The Q&A Archives: Ageratums

Question: For the second year in a row, I've planted ageratums and they are either dying out or not growing. All my other annuals are doing fine. They are planted in a part sunny/shady area. Pls advise. Thanks.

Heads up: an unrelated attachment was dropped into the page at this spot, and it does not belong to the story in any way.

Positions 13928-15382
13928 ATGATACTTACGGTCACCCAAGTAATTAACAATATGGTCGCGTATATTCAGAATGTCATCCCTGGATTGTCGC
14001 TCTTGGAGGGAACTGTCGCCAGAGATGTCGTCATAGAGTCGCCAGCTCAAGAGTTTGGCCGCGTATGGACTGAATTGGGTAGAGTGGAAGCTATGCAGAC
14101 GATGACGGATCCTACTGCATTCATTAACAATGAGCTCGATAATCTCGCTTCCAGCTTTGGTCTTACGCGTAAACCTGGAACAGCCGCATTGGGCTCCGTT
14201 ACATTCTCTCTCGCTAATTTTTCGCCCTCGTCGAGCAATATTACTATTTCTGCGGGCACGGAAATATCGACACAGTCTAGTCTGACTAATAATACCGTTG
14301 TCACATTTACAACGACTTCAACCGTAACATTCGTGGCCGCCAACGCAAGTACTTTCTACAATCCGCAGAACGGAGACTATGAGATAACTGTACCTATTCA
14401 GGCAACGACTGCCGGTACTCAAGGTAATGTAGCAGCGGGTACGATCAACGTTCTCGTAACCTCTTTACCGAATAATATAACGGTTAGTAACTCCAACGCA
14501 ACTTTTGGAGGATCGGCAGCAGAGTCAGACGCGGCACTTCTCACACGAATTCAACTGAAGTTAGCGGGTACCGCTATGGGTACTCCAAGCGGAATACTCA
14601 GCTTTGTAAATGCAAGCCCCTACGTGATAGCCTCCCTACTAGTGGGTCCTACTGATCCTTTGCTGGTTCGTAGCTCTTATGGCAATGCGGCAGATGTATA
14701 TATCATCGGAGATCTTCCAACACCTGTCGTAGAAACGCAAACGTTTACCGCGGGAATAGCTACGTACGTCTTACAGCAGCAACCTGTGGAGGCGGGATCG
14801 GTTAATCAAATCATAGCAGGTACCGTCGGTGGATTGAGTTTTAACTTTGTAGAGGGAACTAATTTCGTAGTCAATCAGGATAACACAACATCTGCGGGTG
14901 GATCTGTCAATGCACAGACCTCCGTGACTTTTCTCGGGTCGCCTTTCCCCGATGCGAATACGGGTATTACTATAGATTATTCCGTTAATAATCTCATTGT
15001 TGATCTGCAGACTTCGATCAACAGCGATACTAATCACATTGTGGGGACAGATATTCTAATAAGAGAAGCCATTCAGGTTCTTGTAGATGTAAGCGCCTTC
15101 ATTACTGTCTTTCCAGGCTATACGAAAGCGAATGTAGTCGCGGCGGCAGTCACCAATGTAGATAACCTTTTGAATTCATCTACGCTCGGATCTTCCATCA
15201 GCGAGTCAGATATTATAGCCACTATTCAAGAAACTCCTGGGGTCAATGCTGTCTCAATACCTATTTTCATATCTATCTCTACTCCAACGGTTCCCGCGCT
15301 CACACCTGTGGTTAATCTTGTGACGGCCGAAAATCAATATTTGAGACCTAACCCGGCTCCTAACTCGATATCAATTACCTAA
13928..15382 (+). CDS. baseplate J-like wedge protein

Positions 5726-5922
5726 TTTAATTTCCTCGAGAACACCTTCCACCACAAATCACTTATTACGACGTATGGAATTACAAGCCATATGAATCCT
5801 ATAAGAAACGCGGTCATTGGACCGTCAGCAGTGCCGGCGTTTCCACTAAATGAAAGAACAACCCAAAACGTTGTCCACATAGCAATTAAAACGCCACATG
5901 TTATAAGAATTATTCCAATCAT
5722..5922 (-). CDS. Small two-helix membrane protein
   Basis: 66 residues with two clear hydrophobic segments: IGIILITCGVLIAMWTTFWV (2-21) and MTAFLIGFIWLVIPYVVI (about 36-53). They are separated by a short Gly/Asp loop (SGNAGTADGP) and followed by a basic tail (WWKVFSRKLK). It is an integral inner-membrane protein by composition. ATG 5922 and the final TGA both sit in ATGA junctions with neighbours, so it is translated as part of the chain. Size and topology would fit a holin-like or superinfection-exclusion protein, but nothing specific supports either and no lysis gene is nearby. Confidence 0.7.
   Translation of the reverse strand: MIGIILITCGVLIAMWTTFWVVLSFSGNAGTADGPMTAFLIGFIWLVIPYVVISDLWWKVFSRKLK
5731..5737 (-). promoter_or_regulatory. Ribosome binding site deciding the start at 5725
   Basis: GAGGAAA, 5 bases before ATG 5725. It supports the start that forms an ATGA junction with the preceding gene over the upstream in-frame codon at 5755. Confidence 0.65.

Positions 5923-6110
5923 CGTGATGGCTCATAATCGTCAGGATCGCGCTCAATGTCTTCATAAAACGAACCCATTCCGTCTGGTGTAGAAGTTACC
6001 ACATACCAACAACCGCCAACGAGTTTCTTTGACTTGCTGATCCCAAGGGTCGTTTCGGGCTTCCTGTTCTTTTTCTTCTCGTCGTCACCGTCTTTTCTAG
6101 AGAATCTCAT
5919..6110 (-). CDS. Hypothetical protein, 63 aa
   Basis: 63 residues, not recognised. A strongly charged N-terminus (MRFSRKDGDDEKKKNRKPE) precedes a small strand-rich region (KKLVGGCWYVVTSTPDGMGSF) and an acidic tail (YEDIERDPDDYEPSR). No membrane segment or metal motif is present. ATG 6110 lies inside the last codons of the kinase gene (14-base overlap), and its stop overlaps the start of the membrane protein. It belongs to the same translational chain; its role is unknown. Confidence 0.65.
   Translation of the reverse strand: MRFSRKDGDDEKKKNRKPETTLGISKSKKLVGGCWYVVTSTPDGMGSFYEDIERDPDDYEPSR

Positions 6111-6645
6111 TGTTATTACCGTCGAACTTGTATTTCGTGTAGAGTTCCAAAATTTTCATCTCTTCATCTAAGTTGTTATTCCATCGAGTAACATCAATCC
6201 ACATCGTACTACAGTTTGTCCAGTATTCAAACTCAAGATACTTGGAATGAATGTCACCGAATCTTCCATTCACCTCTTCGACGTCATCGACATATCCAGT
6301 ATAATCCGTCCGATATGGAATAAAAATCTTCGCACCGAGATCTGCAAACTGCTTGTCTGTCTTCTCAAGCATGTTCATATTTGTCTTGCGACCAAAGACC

Answer: Ageratum needs full morning sun with afternoon shade to grow its best. In afternoon only sun the plants may suffer heat stress. The soil should be evenly moist yet well drained, meaning damp like a wrung out sponge. Ageratum is prone to root rots, especially in overly wet or poorly drained soil. Although usually fairly easy to grow, it is potentially subject to infection by several soil borne diseases especially in poorly drained soil -- including Pythium, Rhizoctonia, and Fusarium -- which will persist in the soil and infect new plants. I would suggest you remove and discard the plants (not in the compost pile). Clean your tools with a solution of one part household bleach to nine parts water. Add generous amounts of good quality compost to the soil in that area (to try to encourage beneficial soil life to outcompete the diseases), and rotate your plantings from year to year.

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